Most common findings:
Patients who ingested heroin were more symptomatic vs. cocaine (87% vs. 70%)
Patients were discharged:
Yamamoto T et al. Management of body stuffers presenting to the emergency department. Europ J Emerg Med. May 8 [Epub ahead of print] PDIM: 25969343
Keywords: flumazenil, benzodiazepine, overdose (PubMed Search)
Flumazenil is generally avoided in most adult patients with suspected benzodiazepine overdose due to resedation, seizures/withdrawal, inconsistent reversal of respiratory depression, and the potential for proconvulsant coingestants.
Three relatively recent poison center studies have attempted to demonstrate the safety of flumazenil in this setting. [1-3] In the first study there were 904 adult patients with 13 reported seizures and 1 death.  A second study specific to pediatric patients reported 83 patients with no seizures and no deaths.  A third study found 80 patients with 1 seizure and 0 deaths. 
On the surface, it may appear that flumazenil is safe to give. But, retrospective poison center studies from voluntary reporting cannot be used to prove a drug's safety. The true denominator is unknown. In the pediatric study, we wouldn't expect children to experience withdrawal since they aren't on chronic benzodiazepine therapy.  So, it's no surprise there weren't any seizures or deaths.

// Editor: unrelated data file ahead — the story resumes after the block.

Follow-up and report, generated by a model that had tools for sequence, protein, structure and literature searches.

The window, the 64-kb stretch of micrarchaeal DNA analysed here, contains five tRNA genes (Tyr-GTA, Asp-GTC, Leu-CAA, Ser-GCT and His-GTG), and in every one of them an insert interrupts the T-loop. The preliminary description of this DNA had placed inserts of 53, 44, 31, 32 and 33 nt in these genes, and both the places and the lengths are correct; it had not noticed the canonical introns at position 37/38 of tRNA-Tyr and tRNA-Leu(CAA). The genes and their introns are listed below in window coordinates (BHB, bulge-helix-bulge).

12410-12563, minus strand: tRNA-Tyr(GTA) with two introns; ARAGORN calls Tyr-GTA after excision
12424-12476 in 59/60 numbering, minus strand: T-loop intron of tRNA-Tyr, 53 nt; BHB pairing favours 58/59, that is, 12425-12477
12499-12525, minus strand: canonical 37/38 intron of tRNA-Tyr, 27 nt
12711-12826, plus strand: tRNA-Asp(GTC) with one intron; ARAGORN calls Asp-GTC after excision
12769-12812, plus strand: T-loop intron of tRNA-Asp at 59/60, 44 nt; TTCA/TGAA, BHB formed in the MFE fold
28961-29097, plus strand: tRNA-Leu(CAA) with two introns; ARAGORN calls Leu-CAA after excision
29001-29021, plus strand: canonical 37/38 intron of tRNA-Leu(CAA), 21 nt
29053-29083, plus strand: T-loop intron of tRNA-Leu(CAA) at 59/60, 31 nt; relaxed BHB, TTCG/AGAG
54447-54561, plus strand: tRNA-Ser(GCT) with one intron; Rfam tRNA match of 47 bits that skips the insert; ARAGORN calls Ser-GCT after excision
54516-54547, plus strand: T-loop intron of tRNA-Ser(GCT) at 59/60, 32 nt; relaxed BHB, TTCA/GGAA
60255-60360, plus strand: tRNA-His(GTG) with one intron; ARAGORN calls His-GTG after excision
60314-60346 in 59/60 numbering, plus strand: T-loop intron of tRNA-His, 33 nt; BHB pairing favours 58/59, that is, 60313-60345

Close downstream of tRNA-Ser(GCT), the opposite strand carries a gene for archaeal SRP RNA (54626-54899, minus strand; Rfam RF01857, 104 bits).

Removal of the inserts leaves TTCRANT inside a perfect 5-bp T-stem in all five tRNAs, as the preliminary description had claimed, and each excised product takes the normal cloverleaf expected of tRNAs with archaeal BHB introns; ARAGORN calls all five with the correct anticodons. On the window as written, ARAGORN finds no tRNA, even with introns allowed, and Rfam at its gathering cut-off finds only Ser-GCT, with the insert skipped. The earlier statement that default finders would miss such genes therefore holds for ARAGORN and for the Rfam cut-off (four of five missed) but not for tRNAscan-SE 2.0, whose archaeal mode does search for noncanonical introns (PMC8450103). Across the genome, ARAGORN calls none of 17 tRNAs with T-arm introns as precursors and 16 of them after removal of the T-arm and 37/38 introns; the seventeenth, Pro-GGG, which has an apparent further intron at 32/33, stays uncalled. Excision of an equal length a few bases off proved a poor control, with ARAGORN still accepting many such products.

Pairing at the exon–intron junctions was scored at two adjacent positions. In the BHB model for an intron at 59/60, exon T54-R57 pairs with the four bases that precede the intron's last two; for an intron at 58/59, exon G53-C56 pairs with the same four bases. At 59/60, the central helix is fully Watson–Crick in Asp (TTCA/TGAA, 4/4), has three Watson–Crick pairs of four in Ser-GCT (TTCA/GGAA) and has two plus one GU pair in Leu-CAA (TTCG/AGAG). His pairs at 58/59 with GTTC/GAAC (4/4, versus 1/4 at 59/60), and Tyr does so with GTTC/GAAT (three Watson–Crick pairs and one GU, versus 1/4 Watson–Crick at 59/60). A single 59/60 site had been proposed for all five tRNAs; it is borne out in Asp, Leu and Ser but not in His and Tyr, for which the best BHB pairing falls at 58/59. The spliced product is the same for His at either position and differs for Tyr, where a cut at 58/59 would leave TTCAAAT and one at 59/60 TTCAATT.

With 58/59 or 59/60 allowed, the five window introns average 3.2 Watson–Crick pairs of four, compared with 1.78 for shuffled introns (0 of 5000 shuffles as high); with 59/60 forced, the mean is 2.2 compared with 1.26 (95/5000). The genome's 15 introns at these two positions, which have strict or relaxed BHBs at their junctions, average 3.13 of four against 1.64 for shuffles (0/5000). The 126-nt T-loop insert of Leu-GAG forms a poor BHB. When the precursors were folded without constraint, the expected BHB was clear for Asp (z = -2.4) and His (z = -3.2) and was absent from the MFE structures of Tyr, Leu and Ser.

A recent systematic review and meta-analysis of randomized trials summed it up perfectly: "Flumazenil should not be used routinely, and the harms and benefits should be considered carefully in every patient."  Cases in which to consider flumazenil are pediatric patients and reversal of procedural sedation if needed.
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Poison ivy, oak, and sumac (Toxicodendron sp) causes a highly puritic, allergic contact dermatitits (ACD) that affects between 10 and 50 million in the US every year. It is a significant occupational hazard as well a scourge for outdoor enthusiasts.
Toxicodendron species contain oleoresins, known as Urushiol compound, secreted by all parts of the plant. Contact with the oil usually occurs by brushing against or direct handling of the plant or contaminated items. This toxin triggers a type IV delayed hypersensitivity reaction in approximately 75% of the population. Within 12-24 hours an erythematous, often linear, vesicular rash develops but new lesions can occur up to 2 weeks later.